Sponsored By
Norbert Sparrow

March 22, 2016

3 Min Read
Wearable medical devices with the power to heal

The global market for medical wearables is projected to grow in the high double digits for the remainder of this decade. According to one recent market report, it will surpass $7.8 billion by 2020. That might even be a conservative estimate when you consider the likely evolution of medical wearable devices. A blog post published by Worrell, a design bureau in Minneapolis, MN, provides a vivid description of the far-reaching potential of this technology not only to monitor patients but to actively help them to heal.

“By extrapolating current trends in design, material science and usability, our vision for the future of wearables is one that moves beyond providing basic behavioral feedback to body-altering technology that can rapidly heal a patient by providing smarter therapies, while seamlessly linking the patient to a larger connected-care community,” writes Worrell in the post. To illustrate, the author imagines an avid climber named Annabelle, who has a bad fall while training at her gym. She sprains a ligament in her knee, jeopardizing her plans to scale Half Dome in Yosemite National Park later in the year.

What a full-body smart suit might look like.

In the scenario imagined by Worrell, Annabelle’s doctor prescribes a full-body smart suit fabricated from conductive materials and fitted with sensors. “The suit is programmed to provide Annabelle with the additional strength she needs in key locations to maintain a healthy posture; conductive fabrics constrict in desired locations to bolster any weakness, while also limiting motion as her body heals,” explains Worrell. “At night, a gentle compression therapy kicks in to promote blood flow to Annabelle’s knee and back.”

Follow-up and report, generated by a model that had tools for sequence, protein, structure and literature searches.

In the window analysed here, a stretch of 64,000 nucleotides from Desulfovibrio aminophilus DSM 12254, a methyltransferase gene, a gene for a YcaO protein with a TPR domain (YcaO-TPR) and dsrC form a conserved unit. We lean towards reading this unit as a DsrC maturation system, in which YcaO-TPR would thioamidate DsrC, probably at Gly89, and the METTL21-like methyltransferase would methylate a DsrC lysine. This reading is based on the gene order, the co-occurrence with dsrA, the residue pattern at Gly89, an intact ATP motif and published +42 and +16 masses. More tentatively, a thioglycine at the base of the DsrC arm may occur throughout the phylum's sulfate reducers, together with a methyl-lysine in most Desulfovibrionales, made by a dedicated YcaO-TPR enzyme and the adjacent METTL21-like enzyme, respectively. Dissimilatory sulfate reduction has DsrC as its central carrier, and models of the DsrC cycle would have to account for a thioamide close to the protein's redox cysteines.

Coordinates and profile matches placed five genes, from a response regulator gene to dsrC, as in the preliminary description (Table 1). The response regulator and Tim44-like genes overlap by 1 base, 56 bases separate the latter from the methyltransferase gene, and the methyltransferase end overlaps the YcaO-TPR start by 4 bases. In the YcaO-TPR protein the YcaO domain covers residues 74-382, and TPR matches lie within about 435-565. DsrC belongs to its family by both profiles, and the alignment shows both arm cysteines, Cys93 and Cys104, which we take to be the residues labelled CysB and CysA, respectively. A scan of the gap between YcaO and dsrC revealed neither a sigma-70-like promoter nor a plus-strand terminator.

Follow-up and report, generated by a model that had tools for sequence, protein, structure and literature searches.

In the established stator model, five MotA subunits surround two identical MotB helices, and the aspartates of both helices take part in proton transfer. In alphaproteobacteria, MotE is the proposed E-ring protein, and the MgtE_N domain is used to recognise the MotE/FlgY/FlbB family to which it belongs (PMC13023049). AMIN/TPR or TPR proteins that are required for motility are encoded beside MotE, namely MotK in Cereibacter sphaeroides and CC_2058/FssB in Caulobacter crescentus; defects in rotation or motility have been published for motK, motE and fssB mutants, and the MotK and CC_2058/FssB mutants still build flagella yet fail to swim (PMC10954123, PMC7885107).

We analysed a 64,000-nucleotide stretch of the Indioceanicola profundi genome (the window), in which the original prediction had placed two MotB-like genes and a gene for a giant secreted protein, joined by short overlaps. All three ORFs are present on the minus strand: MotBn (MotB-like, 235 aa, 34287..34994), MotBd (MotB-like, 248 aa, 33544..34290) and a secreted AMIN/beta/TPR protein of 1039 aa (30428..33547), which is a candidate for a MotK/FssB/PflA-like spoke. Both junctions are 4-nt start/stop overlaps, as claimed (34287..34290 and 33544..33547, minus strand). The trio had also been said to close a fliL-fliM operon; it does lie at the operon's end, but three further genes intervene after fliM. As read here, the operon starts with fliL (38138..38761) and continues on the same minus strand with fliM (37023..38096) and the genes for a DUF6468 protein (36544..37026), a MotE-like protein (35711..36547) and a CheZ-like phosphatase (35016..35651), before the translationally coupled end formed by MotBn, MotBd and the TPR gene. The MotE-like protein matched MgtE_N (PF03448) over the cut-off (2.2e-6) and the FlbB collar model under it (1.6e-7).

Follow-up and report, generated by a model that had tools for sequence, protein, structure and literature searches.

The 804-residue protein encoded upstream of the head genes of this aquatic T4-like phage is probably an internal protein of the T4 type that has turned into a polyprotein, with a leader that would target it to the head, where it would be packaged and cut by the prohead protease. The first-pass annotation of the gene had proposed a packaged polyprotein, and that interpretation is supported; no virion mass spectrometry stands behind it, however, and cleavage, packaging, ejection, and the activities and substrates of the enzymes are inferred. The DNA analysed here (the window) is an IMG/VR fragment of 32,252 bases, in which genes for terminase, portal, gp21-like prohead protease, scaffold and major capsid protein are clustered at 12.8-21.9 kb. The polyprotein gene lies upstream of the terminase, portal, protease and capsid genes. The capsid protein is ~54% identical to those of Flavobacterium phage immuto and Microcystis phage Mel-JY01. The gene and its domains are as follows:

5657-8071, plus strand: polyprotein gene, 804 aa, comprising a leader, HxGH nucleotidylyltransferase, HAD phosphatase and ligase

A tablet synced with the suit provides guidance as she goes through her physical therapy regimen and sensors provide real-time feedback. Her physical therapist follows her progress remotely, as the suit senses strain, inflammation and exertion and reports the results automatically to a central database. As she heals, artificial intelligence reprograms her suit to adjust the therapy while she sleeps.

Worrell’s patient of the not-too-distant future is healed in time to make that trip with her friends to Half Dome.

The technology, as imagined by Worrell, is by and large available today. But that’s only part of the struggle: As a medical device, it will have to go through the FDA mill, and then someone will have to pay for it.

FDA is not as big a hurdle to new technologies as it has been in the past, and the agency has approved a number of smart wearable devices: Sister publication MD+DI recently featured some of them in an article titled, "Eight FDA-blessed wearables and apps changing healthcare."

And just a couple of days ago, Parker Hannifin Corp. received FDA clearance to put the Indego wearable exoskeleton on the market. The motorized leg braces restore mobility to people with spinal cord injuries, multiple sclerosis and other forms of lower-body paralysis. But, as the Wall Street Journal noted, the company faces “years of work to convince the insurance industry that the health benefit of the devices—at a cost of $80,000 each—are worth covering.”

The evidence is in that medical wearable devices can work miracles. The question is, who will pay the miracle worker?

About the Author(s)

Norbert Sparrow

Editor in chief of PlasticsToday since 2015, Norbert Sparrow has more than 30 years of editorial experience in business-to-business media. He studied journalism at the Centre Universitaire d'Etudes du Journalisme in Strasbourg, France, where he earned a master's degree.


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